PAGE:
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29th Feb, 2024

Eleanor Schader
Eleanor Schader
Job Title
Executive Business Manager

Let’s start with the up-coming budget. As we hold our breath to see what it means for us as individuals and our own bank accounts, businesses will also be readying and steadying their own ship, and this usually translates into contract/interim needs in accountancy terms.  

In times of uncertainty, making use of contractors and temporary employees avoids the need for companies to recruit permanent headcount, saving them from making inevitable redundancies if the government changes negatively impact the business. The risk to the business and current employees is ultimately reduced by recruiting on an interim basis and temporary contractors become paramount in covering extra workload and keeping projects going until a clearer picture becomes available. 

Key accountancy and finance roles for businesses

When we review the types of jobs that appear to increase around ‘budget time’ (which also seems to coincide with a lot of company year ends), the roles centre around cost accountants, FP&A analysts and credit controllers – in other words, anyone with skills to save the business money, retrieve money owed, and analyse where money could be better utilised/invested. While these types of roles become more popular around this time, it’s worth remembering the value of these candidates is also likely to increase, as no business wants to lose their talented credit controller in an uncertain economy. Prepare for a reduced candidate pool and potential counter offers! Nonetheless, investment in these particular job roles can prove invaluable as experts in their fields are usually well placed to ride the wave of government and policy changes, ensuring robust practices are in place for any eventuality. 

Looking back, in an article on the AAT website prior to the autumn 2022 budget, the question was asked: “Will these changes help or hinder accountants, and what impact has all this volatility had on year-end accounts?” The same applies in the here and now and ahead of Jeremy Hunt’s budget next week, only three and a half months after his autumn statement. This will be the last budget, and possibly the final fiscal event, before the general election later this year. According to The Institute for Government, the focus is likely to be on household finances, tax cuts, and spending plans; and while we all hope for brighter days ahead, the upcoming election and potential change of government might mean another pivot and change of focus for individuals and businesses alike.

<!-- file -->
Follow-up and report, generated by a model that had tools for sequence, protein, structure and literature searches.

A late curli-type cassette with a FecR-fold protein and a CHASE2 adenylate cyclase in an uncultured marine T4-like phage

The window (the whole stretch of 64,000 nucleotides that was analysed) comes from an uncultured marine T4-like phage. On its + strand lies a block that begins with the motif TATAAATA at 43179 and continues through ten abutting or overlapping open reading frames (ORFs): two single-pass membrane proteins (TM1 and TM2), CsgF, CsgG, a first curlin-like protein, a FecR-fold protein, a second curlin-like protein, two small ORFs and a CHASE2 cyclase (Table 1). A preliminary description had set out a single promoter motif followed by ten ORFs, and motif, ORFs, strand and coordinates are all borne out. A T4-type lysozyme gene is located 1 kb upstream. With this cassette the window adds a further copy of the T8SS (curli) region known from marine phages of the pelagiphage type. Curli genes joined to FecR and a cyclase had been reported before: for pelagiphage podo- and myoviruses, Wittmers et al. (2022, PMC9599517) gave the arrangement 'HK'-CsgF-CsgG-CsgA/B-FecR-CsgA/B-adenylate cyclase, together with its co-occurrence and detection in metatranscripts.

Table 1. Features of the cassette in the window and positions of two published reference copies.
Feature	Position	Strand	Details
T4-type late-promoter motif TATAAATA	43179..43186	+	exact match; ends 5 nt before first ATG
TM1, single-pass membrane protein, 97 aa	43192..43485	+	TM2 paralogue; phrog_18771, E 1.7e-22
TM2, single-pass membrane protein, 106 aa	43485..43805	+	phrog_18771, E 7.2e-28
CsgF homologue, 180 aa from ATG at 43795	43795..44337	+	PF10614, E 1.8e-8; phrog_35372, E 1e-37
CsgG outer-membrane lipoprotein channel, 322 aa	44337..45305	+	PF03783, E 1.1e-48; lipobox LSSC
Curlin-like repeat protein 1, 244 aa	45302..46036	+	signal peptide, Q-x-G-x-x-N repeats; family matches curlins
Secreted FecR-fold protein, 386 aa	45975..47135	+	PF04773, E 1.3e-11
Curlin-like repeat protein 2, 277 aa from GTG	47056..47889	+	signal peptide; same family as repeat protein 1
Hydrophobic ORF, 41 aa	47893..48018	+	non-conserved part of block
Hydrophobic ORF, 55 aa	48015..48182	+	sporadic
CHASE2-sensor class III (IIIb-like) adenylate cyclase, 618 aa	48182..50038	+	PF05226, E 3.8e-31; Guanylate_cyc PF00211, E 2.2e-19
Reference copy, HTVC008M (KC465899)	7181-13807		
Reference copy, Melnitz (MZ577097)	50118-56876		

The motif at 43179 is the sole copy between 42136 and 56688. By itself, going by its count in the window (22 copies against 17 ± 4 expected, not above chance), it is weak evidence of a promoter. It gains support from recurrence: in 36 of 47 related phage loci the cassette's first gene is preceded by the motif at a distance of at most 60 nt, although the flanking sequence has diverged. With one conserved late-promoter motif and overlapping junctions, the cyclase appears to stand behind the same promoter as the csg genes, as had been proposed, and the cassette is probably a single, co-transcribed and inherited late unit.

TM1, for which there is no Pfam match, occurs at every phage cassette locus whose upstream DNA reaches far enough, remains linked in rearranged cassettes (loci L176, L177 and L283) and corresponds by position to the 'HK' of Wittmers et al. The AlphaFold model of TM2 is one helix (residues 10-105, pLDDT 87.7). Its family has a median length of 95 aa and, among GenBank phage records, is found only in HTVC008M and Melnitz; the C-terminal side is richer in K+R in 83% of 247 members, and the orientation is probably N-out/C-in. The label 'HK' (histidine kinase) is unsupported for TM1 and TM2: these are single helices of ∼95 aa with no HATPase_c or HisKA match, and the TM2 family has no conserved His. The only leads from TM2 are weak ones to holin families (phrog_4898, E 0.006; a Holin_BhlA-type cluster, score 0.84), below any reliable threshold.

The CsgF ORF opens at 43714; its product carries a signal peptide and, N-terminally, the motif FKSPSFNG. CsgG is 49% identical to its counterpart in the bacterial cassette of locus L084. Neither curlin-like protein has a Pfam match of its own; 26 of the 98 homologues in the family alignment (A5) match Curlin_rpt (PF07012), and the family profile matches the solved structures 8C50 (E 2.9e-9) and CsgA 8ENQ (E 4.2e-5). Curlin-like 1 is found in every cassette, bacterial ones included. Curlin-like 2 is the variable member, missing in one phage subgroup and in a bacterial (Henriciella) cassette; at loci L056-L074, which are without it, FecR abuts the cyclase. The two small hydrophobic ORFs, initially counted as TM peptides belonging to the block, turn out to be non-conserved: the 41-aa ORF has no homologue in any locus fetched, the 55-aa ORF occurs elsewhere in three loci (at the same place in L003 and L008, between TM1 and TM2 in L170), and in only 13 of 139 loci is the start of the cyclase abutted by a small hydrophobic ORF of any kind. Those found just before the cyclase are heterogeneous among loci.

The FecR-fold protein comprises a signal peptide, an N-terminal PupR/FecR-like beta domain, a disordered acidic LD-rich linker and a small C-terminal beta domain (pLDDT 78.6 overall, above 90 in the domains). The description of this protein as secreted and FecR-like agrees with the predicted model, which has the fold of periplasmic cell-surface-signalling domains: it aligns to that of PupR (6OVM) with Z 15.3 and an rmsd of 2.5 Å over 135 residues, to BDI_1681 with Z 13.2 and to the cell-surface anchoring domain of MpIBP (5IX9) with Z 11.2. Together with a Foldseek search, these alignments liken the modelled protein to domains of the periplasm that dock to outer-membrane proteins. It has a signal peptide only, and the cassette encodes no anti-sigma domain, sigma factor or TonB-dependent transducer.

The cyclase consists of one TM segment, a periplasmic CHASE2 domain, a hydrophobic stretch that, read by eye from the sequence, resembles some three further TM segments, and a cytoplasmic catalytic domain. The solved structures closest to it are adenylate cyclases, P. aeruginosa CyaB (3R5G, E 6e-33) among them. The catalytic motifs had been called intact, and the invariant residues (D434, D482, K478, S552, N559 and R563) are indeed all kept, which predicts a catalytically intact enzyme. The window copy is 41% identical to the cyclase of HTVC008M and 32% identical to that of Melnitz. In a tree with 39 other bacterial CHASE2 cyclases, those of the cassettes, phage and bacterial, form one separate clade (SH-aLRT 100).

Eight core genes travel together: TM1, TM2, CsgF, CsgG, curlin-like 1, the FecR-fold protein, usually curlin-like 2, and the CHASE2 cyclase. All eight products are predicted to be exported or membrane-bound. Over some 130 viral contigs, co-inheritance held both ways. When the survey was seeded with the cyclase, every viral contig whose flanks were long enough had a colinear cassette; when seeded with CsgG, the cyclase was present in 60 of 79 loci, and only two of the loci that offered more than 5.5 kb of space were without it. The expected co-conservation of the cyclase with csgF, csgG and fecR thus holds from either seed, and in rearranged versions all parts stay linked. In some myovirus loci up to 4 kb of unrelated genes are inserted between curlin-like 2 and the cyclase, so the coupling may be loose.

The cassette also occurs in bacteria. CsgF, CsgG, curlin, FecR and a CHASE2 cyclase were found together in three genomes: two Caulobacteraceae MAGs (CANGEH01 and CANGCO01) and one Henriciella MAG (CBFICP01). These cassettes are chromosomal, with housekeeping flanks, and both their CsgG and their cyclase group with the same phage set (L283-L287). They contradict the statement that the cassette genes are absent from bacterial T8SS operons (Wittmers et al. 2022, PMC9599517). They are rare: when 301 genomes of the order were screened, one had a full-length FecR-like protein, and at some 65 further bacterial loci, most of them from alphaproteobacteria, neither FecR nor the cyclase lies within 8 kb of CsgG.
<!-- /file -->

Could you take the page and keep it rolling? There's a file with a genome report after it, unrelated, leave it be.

Prepare to take advantage of investment opportunities

Thinking bigger picture, the upcoming election campaigns will inevitably spark debate and see some businesses hoping for positive change while leaving others anxious about shifting rules and policies. For example, businesses operating in the sustainability space will be encouraged by the potential change of government as the Labour party has clearly laid out their vested interest in this space and their pledges to make Britain a clean energy superpower. With this in mind, the accountancy community may be looking at ways to help their clients and business utilise this promised investment (although as we’ve seen, these policies rely heavily on whether they’re fiscally viable). As already stated, policies and promises are made but changes, adjustment and outcomes are inevitable, and the accountancy community prepare to adjust with it. 

One thing that can be relied upon is the value of accountancy and finance professionals and their intense focus on ‘numbers’: their ability to adapt, review, analyse and report. They remain results driven, and for this reason, set out to protect businesses against any potential financial pitfalls. So, while we wait to see what the near future holds for government, we can rest assured that our community will be the first to find opportunities and solutions.    

Join our 'Budget breakfast: feast or famine' webinar

For more insight into what the near future might hold for the accountancy and finance sector, join us on Thursday 7 March 2024 for our Budget Breakfast: feast or famine webinar, presented by BBC Newsnight’s Ben Chu. He’ll be exploring Chancellor Jeremy Hunt’s spring statement and dissecting the economic and fiscal forecast prepared by the Office for Budget Responsibility. Register for the event today. 

Are you looking to strengthen your accountancy and finance team? Or considering your next career move in accountancy or finance? Contact one of our specialist consultants today.